David Brooks, the self-described "moderate" columnist for "The New York Times" has a really brilliant op-ed in today's paper with a title I simply couldn't pass up. His piece is called "Sam Spade at Starbucks." You can read it here, unless the Times' firewall intervenes. http://www.nytimes.com/2012/04/13/opinion/brooks-sam-spade-at-starbucks.html?hp
Brooks' column is about idealism, but the need for idealism to be grounded in the hard, often brutal realities of life. I think Brooks' thinking has direct bearing on many of the issues and mania in our business.
What Brooks is talking about is the idealism of so many to attempt to change the world through extra-governmental intervention. Things like micro-loans, colorful wrist bands, and KONY videos. We embrace these acts while ignoring that these sort of efforts will fail to have lasting impact if bigger, institutional, structural changes aren't made.
The key sentences from Brooks--and I urge you to read his entire column (it should take you less than four minutes)--are these: "...there’s only so much good you can do unless you are willing to confront corruption, venality and disorder head-on."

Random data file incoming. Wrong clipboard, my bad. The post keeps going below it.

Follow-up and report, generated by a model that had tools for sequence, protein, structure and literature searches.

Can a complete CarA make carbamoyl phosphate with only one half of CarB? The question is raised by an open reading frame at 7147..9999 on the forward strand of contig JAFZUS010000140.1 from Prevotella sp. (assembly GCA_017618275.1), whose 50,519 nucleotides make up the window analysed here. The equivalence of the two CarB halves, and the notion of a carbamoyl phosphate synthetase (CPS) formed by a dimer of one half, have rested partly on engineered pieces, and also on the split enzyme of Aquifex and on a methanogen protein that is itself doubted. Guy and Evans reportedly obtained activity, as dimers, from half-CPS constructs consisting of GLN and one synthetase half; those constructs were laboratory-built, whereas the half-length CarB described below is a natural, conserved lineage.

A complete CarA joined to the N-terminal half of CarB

Now here's where I think the parallel to our business comes in.
A lot of energy and time is spent in our business doing things that "show well." We chase after awards and build our reputations on things with a high-sheen of pangloss. We seem to have no appetite as an industry for work that does the hard infrastructure work that most companies need.
We don't laud and applaud the hardheadedness, the hard-boiledness that it takes to win over clients and effect change in their organizations. It's much more glamorous to send a lion or a pencil to yet another Scrabble ad or burrito restaurant in Tulsa.
This is not just about my personal disdain for the supercilious and superficial nature of the Awards-Industrial complex.
It's about people who think the industry is about apps and toys and gimmickry.
As I have said many times before in this space and in others, most client organizations don't even know what business they're in or what it is they sell. Our job is the tough job of defining, demonstrating and disseminating meaning.
It's the devil in the details. It's the quotidian. It's the acknowledgement that not all brands are cool and are going to do neato stuff.
Work, as a wise man once said, is work.